Tech firms that routinely have users petition them with requests beginning with the words "We the undersigned" are themselves sending a plea to the U.S. government.
"We the undersigned are writing to urge greater transparency around national security-related requests by the U.S. government," wrote the alliance of companies to the government.
Apple, Google, Facebook and Dropbox are part of 22 techie corps that pulled together to write a letter to President Obama, the U.S. Congress and heads of various spy agencies.
These Silicon Valley companies are unable to fully disclose their roles in the government's Prism surveillance program that allegedly compelled them to turn over users' data-rich files with a subpoena.
Microsoft has the most to prove
The roles of these tech firms were first outed by government-contractor-turned-whistleblower Edward Snowden to The Guardian.
Microsoft has taken the biggest hit, allegedly cooperating with the FBI to spy on its users in a "team sport" effort, even when encrypted data was involved.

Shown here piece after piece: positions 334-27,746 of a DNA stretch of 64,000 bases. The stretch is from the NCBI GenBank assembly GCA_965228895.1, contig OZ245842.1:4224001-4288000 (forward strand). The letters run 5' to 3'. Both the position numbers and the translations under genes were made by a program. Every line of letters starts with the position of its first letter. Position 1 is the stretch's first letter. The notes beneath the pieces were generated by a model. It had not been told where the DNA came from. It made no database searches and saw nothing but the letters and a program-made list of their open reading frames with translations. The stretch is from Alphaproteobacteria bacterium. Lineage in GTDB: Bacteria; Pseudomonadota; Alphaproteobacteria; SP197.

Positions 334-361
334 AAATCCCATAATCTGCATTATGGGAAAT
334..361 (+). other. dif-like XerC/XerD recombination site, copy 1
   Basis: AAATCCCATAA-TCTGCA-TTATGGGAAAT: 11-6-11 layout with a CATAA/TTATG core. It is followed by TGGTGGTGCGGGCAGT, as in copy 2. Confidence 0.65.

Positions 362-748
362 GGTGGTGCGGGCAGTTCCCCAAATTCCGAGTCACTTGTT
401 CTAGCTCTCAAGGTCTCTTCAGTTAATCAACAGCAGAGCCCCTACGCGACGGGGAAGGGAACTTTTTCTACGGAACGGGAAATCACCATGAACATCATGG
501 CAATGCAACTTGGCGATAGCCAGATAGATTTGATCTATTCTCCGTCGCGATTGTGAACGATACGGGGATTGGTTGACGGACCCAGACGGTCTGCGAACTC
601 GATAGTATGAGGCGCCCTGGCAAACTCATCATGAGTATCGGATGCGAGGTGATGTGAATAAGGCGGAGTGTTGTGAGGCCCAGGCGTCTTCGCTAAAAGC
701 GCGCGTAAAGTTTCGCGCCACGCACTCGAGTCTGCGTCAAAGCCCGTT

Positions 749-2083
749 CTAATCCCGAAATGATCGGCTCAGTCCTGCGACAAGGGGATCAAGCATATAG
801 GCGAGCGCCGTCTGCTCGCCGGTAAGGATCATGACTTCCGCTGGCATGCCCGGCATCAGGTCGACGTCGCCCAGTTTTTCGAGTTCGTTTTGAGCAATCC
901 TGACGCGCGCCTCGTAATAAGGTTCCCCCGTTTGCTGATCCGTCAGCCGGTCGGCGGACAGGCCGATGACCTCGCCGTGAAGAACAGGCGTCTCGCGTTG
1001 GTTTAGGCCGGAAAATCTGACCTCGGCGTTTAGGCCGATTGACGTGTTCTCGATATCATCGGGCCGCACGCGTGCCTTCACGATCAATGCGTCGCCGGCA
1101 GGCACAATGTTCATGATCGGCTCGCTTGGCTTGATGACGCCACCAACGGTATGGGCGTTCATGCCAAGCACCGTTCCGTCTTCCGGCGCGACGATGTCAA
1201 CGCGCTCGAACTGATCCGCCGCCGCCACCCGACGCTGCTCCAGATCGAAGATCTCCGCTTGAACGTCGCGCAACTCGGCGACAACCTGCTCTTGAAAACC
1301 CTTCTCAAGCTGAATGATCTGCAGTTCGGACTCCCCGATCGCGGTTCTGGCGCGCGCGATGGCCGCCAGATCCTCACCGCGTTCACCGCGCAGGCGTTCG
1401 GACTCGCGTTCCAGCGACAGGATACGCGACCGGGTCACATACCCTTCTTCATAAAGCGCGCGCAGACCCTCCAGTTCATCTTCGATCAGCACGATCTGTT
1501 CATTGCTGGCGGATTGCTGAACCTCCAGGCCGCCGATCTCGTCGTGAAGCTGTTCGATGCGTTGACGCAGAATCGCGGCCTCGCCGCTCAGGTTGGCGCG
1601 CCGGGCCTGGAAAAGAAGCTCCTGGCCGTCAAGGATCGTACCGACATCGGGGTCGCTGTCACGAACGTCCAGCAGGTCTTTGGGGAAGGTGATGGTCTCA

This is something the company denies, but can't talk about in full detail.
Steps to greater transparency
Microsoft and other tech companies implicated in Prism say they can't properly do damage control because a FISA gag order is in place.
The 22 undersigned tech firms want to change that, as outlined in their letter to the government.
"First, the U.S. government should ensure that those companies who are entrusted with the privacy and security of their users' data are allowed to regularly report statistics.
"Second, the government should also augment the annual reporting that is already required by statute by issuing its own regular 'transparency report' providing the same information.
"[This includes] the total number of requests under specific authorities for specific types of data, and the number of individuals affected by each."
The power of many
Also a part of the undersigned are 25 nonprofit organizations and trade associations that focus on privacy issues, like the American Civil Liberties Union and the Electronic Frontier Foundation.
With 47 top tech industry and privacy groups petitioning together instead of individually, the government may have to start being a lot more transparent about Prism.
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